American Samoa's islands are located in the heart of the Polynesian, with Hawaii, Rapanui (Easter Island) and New Zealand making up the three points of the Polynesian triangle.
The Samoan Islands (American Samoa and Independent Samoa) were first discovered by European explorers in the 18th Century but its islands have been inhabited for over 3000 years.
During international rivalries in the latter half of the 19th Century over the Samoa Islands, Germany and the United States divided the Samoan archipelago by the signing of the 1899 Berlin Treaty, with the US formally taking over the eastern islands of Samoa.
On April 17, 1900 the high chiefs of the eastern islands of Samoa and the US signed the ‘Deed of Cession’ where American Samoa became a Territory of the United States.
Today, the Territory of American Samoa is a growing Pacific economy with a central government, sound infrastructure and a growing business sector, with international flights from Hawaii and Samoa as well as shipping connections from New Zealand, Australia, Samoa, Hawaii and the US Mainland.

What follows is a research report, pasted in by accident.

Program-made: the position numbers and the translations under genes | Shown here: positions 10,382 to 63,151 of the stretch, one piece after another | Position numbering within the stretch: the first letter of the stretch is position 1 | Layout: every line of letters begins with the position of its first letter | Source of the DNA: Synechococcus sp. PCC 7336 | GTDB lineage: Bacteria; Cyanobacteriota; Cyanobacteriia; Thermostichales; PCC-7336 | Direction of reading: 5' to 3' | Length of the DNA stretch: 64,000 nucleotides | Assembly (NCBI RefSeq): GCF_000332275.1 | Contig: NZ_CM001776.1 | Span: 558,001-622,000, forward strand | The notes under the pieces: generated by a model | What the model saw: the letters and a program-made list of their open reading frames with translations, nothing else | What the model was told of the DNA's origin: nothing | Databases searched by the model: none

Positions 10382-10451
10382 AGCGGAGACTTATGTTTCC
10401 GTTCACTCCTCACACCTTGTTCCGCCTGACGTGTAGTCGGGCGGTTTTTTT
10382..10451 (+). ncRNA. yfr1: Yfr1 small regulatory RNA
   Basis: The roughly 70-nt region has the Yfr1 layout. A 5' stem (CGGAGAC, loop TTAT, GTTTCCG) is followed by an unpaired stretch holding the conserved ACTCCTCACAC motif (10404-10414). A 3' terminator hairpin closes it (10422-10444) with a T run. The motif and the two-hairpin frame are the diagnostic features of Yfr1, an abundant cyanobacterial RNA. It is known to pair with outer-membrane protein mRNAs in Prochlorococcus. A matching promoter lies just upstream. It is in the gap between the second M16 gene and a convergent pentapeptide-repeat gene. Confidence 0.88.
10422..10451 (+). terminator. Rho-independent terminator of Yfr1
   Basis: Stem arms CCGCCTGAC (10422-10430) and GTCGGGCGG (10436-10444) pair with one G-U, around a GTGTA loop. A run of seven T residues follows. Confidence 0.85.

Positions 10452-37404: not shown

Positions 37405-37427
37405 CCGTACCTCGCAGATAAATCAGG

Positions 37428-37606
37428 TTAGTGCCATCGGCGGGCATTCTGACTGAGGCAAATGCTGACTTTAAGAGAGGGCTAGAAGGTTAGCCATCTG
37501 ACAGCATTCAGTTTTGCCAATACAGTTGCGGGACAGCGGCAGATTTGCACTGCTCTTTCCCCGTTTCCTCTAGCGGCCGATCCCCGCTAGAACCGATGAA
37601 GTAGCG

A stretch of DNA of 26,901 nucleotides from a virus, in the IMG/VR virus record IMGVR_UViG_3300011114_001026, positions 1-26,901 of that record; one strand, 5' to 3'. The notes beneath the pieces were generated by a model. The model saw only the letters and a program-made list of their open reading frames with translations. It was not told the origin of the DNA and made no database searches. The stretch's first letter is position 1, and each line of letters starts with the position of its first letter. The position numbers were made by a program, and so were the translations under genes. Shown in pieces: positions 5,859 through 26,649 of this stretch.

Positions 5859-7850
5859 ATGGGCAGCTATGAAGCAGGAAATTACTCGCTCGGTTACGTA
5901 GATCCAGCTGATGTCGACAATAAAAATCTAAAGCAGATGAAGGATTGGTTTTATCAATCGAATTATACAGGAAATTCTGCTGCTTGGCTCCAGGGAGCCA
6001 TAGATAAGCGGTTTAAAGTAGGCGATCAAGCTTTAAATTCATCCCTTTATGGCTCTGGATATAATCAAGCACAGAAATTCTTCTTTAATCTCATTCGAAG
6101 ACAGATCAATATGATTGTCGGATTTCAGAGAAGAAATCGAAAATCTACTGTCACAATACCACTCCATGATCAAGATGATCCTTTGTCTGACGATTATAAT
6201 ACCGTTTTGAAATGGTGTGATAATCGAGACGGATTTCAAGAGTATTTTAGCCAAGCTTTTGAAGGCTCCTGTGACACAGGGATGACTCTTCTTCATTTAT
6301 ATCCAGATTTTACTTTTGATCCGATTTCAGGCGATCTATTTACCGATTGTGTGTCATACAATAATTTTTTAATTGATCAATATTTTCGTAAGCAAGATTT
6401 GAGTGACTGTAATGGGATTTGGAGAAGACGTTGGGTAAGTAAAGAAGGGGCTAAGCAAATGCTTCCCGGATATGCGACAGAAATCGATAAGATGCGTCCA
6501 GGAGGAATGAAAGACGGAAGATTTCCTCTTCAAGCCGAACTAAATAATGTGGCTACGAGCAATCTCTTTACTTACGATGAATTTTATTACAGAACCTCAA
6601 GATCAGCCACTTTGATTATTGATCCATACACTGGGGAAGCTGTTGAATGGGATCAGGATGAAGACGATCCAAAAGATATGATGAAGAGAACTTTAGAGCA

The Territory is regarded as one of the last undiscovered paradises of the Pacific with a tourism industry 100 percent locally owned and operated.
American Samoa is made up of five volcanic islands - Tutuila, Anu’u, Ofu, Olosega and Ta’ū - with rugged mountainous peaks and two coral atolls – Rose and Swains Islands with a total land area of 76 square miles. The Territory’s tallest peak is Mount Lata on Ta’ū Island 3170 feet, while the highest peak on the main island of Tutuila is Mount Matafao standing at 2142 feet. Pago Pago Harbor on Tutuila Island is regarded as the best natural deep harbor in the South Pacific, surrounded and sheltered by sheer mountain walls and the peaks of Mount Alava, Mount Matafao and Rainmaker Mountain on three sides.